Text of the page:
Monday, June 18, 2018

Lydia's Ladder

Lydia's Ladder

Today's quilt is my smaller version of one of Granny Rose's old quilts. It features 12" Jacob's Ladder blocks in a square 42" finished size. I used Accuquilt dies to cut the pastel prints, which went together quickly. 

This time I chose the backing/binding fabric first, then picked coordinating fabrics from my collection for the front blocks. I thought a lot about her while working, so I named this one Lydia's Ladder. I copied her quilting as well, using the Baptist Fan pattern. I did not hand stitch, but adapted the design for machine quilting on my Janome.

Baptist Fan machine quilting

Granny's original handmade bed quilt was being used as a furniture pad to wrap around things that needed protection. I rescued it from the basement of her daughter's house, even though it was stained, tattered and torn, probably past restoration. The fabric looks like feed or flour sack prints along with shirting and dress prints. I may use a few of the intact sections to frame or make pillow covers, so it will live on as another Useful Remnant.

Original Jacob's Ladder by Lydia Rose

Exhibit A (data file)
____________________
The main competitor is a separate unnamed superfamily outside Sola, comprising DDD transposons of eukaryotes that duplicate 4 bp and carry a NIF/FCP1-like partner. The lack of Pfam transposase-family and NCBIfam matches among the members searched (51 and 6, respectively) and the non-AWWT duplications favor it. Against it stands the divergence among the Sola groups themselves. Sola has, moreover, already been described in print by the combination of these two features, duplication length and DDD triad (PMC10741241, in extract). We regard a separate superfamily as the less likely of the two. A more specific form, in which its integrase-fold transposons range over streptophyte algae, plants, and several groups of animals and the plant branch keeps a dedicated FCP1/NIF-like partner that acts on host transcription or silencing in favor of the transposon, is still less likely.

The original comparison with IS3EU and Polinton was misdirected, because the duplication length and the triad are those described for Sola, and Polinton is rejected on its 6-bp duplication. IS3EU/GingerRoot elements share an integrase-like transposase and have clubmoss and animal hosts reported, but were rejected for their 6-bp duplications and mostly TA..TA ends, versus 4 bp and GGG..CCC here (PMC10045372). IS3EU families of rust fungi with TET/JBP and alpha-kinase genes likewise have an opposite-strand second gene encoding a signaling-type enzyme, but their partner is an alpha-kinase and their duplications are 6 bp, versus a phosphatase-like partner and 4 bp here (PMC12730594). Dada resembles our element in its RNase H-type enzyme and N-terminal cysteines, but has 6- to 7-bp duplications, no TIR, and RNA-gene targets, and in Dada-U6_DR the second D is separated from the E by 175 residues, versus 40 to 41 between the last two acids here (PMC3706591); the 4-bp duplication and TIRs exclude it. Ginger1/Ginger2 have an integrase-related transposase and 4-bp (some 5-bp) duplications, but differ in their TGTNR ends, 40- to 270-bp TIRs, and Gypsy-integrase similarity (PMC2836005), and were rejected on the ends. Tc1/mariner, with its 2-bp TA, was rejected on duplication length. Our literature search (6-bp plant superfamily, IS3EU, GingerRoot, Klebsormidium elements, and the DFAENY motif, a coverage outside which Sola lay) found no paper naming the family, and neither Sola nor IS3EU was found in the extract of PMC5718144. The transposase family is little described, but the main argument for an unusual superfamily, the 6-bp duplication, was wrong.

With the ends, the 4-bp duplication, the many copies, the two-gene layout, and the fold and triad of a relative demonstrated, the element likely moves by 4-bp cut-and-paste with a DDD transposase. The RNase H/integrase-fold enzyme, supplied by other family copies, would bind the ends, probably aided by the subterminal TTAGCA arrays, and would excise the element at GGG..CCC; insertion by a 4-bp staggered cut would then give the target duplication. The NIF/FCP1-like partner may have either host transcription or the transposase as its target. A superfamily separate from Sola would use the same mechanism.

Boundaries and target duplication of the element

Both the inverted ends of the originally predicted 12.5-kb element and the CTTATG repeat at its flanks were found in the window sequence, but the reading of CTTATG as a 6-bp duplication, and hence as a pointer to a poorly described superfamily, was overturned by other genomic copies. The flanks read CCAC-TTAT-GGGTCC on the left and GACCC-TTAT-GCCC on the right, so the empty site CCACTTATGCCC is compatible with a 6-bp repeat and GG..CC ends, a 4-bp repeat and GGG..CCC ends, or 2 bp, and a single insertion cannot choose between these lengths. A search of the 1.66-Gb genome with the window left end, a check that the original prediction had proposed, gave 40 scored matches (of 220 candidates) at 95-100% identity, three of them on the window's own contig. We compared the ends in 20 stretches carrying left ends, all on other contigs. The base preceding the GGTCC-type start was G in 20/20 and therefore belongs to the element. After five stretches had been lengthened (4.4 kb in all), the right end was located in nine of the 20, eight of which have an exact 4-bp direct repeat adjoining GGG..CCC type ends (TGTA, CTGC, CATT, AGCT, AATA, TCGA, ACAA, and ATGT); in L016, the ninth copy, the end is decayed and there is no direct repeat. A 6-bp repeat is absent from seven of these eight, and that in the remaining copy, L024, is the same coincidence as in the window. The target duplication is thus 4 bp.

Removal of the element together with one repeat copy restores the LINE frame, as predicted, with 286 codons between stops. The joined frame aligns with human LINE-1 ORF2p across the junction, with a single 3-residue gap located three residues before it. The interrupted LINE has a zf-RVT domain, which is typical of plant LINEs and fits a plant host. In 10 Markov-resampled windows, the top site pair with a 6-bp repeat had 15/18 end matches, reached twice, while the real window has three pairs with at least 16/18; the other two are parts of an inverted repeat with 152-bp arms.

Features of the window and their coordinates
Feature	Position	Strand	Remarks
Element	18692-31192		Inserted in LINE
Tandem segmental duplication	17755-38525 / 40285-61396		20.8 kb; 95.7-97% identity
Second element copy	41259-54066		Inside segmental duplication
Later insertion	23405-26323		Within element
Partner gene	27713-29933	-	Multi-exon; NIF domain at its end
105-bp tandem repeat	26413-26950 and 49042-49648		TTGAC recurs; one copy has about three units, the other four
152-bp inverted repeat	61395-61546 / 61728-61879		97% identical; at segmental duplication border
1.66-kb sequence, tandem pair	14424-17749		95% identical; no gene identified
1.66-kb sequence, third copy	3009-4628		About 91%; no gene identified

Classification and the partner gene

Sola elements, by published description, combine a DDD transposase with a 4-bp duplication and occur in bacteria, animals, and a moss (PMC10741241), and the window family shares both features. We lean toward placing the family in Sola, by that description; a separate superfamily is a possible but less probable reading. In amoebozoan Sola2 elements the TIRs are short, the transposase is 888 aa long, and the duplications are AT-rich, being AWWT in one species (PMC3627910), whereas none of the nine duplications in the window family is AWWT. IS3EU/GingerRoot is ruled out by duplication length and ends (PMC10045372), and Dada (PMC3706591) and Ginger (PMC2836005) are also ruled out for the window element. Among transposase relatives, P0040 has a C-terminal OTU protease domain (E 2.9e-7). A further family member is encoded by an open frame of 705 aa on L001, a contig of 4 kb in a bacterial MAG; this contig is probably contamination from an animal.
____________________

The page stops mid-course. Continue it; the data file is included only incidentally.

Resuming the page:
Antique quilts have such a soft, worn quality to them from being well used. They were lovingly sewn by hand or on a treadle machine, washed hundreds of times, dried on a line in the sun, then folded into cedar chests to be passed on to relatives. They hold stories that we can only wonder about. For instance, I think this was one she made, but I can only guess. Her church quilting bee group shared fabric and made quilts together, so everyone may have stitched on it. Or it could have belonged to her mother since it was so worn. A labor of love anyway, passed down to my mother-in-law, then to me.

Will today's quilts will even last that long?  I hope they do, and that people continue to love them.  



“Quilts reward study. They can look great from 20 feet across the room, and then you get closer and there are little dramas. It doesn’t have to be intricate. It can be simple. It just has to be authentic.”  
Ken Burns, film maker and quilt collector